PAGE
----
Domestic natural-gas resources are estimated to meet America's energy demand for the next hundred years, but drilling companies have a long way to go if these estimates are to be at all close to being realized. Let’s see whether Houston-based Newfield Exploration
Total production in 2010 stood at 283 billion cubic feet equivalent, or Bcfe -- a 12% increase from 2009. The last two years have actually seen healthy growth in terms of production.
Proved reserves stood at 3.7 trillion cubic feet equivalent, or Tcfe. In total, unconventional resource plays represent 82% of the company’s proved reserves, with the single largest investment being the Woodford shale play.
The Williston Basin in the oil-rich Bakken and Three Forks formation has also proved to be successful where production stood at 7,000 barrels of oil equivalent per day, or Boepd, at the end of 2010.
Newfield’s recent entry into the Marcellus shale play, through a joint exploration agreement with Hess Corp,
A good strategy?
While natural gas makes up 67% of proved reserves, the company has started moving away from natural-gas drilling to oil-directed drilling, which is an interesting strategy right now. Newfield’s apparent approach is to consolidate and develop further its oil-rich properties.
Capital expenditure for 2011 has been pegged at $1.7 billion, with two-thirds of the capital investments allocated to oil projects. However, considering negative free cash flow of $627 million and a cash balance of only $56 million, financing these investments does not look like it will be terribly easy. A debt-to-equity at 73% does not look too pleasing, either.
Newfield’s assets look well-balanced. The company is consolidating its position in the oil sector, which will most likely continue to flourish. At the same time, its natural gas reserves could prove handy in the long run. This is all good.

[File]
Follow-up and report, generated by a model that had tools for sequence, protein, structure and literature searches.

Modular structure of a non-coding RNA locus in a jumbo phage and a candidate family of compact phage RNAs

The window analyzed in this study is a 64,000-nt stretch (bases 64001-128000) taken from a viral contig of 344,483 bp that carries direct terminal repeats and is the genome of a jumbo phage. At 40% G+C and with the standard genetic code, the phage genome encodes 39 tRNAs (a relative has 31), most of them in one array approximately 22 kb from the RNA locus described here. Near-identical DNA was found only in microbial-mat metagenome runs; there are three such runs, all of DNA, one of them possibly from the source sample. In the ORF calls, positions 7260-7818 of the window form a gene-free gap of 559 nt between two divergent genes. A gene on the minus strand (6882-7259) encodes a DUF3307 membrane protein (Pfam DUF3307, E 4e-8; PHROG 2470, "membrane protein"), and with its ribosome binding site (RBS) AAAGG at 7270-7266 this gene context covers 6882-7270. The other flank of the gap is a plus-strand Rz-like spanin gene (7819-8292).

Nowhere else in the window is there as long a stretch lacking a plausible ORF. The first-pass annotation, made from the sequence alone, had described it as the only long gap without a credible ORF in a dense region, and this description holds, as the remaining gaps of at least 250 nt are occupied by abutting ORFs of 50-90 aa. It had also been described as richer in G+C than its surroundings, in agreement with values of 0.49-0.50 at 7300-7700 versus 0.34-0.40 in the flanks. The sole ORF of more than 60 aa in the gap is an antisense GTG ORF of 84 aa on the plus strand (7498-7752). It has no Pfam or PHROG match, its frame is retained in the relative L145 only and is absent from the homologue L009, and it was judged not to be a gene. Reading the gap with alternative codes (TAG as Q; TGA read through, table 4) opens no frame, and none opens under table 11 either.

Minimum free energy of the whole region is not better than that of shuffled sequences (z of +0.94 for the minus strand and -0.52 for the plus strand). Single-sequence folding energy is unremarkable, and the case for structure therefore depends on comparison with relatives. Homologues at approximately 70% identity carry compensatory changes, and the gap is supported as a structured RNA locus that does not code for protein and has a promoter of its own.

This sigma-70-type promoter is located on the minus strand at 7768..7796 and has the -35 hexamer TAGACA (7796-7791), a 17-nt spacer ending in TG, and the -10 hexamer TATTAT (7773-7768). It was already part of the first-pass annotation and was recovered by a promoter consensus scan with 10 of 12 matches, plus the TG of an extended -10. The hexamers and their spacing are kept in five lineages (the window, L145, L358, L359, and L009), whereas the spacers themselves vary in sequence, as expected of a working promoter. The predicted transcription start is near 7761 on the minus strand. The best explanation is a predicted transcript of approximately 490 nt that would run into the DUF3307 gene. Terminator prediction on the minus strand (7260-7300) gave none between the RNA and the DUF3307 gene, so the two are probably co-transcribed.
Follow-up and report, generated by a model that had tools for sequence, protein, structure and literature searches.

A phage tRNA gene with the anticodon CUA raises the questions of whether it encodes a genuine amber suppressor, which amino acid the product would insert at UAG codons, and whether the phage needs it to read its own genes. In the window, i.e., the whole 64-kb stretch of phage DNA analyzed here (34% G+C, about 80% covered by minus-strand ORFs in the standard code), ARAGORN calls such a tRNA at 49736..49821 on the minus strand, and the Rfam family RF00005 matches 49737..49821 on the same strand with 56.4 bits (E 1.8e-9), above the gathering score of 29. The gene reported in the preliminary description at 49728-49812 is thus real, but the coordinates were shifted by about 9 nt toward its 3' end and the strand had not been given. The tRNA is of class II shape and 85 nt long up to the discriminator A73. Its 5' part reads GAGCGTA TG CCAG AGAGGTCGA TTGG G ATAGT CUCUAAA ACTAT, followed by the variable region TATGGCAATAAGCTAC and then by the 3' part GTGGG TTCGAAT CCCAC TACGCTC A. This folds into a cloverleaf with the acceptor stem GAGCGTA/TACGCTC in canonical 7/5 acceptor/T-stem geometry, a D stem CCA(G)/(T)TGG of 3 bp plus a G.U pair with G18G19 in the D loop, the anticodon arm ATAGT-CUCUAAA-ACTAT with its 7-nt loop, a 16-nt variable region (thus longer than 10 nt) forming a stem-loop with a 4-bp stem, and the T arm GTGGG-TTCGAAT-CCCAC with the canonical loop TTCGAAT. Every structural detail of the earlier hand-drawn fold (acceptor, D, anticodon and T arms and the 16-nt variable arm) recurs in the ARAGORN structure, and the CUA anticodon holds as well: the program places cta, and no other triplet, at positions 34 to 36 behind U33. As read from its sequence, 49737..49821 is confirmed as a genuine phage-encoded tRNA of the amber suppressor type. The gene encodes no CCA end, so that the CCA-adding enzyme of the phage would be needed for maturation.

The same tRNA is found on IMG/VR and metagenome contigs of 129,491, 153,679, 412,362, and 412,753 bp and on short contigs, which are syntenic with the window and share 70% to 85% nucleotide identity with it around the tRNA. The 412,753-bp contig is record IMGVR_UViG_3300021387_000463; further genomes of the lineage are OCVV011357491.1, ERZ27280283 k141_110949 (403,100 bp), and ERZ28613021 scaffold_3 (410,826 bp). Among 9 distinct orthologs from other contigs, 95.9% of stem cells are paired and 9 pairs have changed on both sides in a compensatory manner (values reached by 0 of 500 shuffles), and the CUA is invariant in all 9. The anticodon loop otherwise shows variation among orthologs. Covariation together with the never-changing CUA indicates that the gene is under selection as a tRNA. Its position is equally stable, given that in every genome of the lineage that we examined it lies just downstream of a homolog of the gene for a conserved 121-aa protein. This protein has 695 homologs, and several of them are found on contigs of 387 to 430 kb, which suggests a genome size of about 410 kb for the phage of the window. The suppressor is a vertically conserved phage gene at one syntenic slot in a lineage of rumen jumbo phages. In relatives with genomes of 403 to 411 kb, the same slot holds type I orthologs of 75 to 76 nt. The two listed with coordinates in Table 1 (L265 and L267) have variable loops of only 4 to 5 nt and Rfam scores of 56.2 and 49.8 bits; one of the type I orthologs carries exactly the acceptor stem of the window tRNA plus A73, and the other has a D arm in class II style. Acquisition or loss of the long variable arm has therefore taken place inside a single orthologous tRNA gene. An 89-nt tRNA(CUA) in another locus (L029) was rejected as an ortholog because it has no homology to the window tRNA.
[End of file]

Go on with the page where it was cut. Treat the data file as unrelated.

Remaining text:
How is the stock valued?
This is how Newfield stacks up compared to its peers:
|Company||P/E (TTM)||EBITDA Margin (TTM)||TEV/EBITDA (TTM)||P/B|
Cabot Oil and Gas
Source: Capital IQ, a Standard & Poor's company. TTM = Trailing 12 months
Relatively speaking, Newfield definitely looks cheaper than its peers in terms of earnings. Its solid EBITDA margin (again, one of the best) shows that it has been able to convert revenues into solid operational earnings. The price-to-book value is again lower than the average value of 3.1.
Standardized future cash flows at the end of 2010, discounted 10% per annum, stand at $4.7 billion -- a healthy 66% hike from the previous year’s value. A major chunk of the growth -- around $1.4 billion -- has been due to additions to proved reserves.
Foolish bottom line
Newfield looks pretty good. Short term growth may look shaky given the negative free cash flow. However, as production increases (which the company expects to go up by 8%-12% this year) and current investments start bearing fruit, things could look promising. Having substantial natural gas reserves positions the company well for the future. The stock looks pretty safe for long term investing.
Fool contributor Isac Simon does not own shares of any of the companies mentioned in this article. The Motley Fool owns shares of Range Resources. Motley Fool newsletter services have recommended buying shares of Range Resources. Try any of our Foolish newsletter services free for 30 days. We Fools may not all hold the same opinions, but we all believe that considering a diverse range of insights makes us better investors. The Motley Fool has a disclosure policy.